On Mexico City Blues (32nd Chorus continues – 1)

Allen Ginsberg on Jack Kerouac’s Mexico City Blues continues from here

On the 32nd Chorus

AG Now, these are very pretty lines:

“.Little cottages on hills receive/ the Constellation of/ the Southern Hemisphere/   Where rosy doves’re seen flyin/ Past Pis Cacuaqaheuro/ Monte Visto de Santo/ De Gassa – healing helium/ gas – from the substance/ on the sun star -/ gas discovered on the sun/by spectral gazing/    Sorcerers hoppity skop/ with the same familiarity/ In my Buddhaland dreams -/    Monotonous monotony/ of endless grape dirigible stars..” – (” Monotonous monotony/ of endless grape dirigible stars..’ – (The line –  “Monotonous monotony/of endless grape dirigible stars” was what I thought was the knock-out.  Because it seemed to mean something – I could never figure out what it meant instantly when I read it, but it’s such a beautiful thing, like Shakespeare – “Monotonous monotony/of endless grape dirigible stars.” – or else, I’d developed a taste for such odd phrasing –  “grape dirigible” – “grape dirigible” – putting together “grape” and “dirigible” – “grape dirigible stars” – dirigible balloon – grapes, I suppose).

Student (What’s a dirigible)?

AG:  Oh, a dirigible is a.. softer than air… no, lighter than air… cigar-shaped, fat cigar-shaped.. filled with hydrogen or helium that was experimented with in the ‘Thirties.

Student:  Like a blimp?

AG:  Blimp. Yeah,  but a big blimp made out of aluminum.

Student:  Football blimp.

AG:  Football-shaped blimp. with a hanging cockpit, with a cockpit attached to the underside where people could go and dance and travel from Germany to America.

Student:  Wow!.

AG:  And the great dirigible or Zeppelin as it was called or dirigible … what was the one that burned, that …

Student:  Hindenburg.

Peter Orlovsky:  The Hindenburg.

AG: … the Hindenburg.  The Hindenburgen..

Peter Orlovsky:  Hindenburgen.

AG:  …which was built by Hitler as a demonstration of the triumph of the Germans over the air.  Because it promised (to be) like an ocean liner in the air, moving slowly and smoothly – soundlessly.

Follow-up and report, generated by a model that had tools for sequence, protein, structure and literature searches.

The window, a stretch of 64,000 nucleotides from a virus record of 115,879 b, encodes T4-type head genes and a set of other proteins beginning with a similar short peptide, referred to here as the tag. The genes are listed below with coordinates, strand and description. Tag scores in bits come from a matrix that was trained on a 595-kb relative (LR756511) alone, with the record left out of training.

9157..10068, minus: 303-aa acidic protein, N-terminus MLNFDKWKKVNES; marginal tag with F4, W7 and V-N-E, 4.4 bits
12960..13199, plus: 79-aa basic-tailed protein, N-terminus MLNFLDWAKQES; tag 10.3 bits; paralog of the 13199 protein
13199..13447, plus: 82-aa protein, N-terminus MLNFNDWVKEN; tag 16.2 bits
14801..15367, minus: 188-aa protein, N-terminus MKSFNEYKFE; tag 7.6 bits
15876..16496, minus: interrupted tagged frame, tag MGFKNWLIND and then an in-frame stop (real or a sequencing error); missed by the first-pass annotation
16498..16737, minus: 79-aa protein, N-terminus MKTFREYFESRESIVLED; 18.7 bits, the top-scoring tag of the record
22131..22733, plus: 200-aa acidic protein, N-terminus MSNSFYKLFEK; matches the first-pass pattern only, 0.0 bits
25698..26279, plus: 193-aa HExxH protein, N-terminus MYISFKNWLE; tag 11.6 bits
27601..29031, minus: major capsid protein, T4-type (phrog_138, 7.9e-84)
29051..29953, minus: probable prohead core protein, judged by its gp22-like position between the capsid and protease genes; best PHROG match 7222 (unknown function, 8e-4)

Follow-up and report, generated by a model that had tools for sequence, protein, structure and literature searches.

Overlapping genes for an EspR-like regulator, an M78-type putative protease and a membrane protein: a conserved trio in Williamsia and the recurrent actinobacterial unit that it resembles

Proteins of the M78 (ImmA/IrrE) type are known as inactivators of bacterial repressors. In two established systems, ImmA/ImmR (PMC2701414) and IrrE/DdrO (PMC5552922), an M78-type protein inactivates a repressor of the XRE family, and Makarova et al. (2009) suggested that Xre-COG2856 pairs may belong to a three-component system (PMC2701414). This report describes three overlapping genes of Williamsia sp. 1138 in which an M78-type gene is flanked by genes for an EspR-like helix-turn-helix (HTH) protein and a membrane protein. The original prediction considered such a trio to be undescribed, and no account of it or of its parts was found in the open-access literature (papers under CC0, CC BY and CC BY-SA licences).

Student:  (Slowly and smoothly?)

AG:  Well, it went pretty fast.  It used the winds.  But the first great (one in) 1936 or ‘(3)5, (Editorial note – actually, 1937, May 6, 1937) the first great German dirigible, Graf von Hindenburg. floated across the Atlantic and landed at Lakehurst and it was about three hundred feet in the air, thirty stories or four hundred feet in the air…

Student:  Lakehurst?

AG:  … New Jersey.  New Jersey.  Southern Jersey.  And some kind of static electricity had accumulated, and so the instant it touched the landing tower (or that its ropes touched the landing tower,  something like that) there was a crackling of static and then, since they were using hydrogen to buoy the balloon up, the whole fucking thing exploded in the middle of everybody’s newspaper photograph.  I was in Paterson, New Jersey, listening to the radio about how the dirigible was landing and all of a sudden the announcer (said), “Wait, oh, it’s terrible, something’s happening, it’s exploded, people are dropping off from it like flies, people are jumping out of it” – as it was way high in the air and it was this fantastic explosion of hydrogen.  And then thing was about, I don’t know, a thousand feet long.

Student:  Whoops!

AG:  It was one of the great marvels of disaster of the 20th century transport communications and progress.  And it was also a great, well, negative publicity for Hitler, because they were using it boastfully.

Audio for the above can be heard here, beginning at approximately sixty-six-and-a-quarter minutes in and concluding at approximately seventy minutes in

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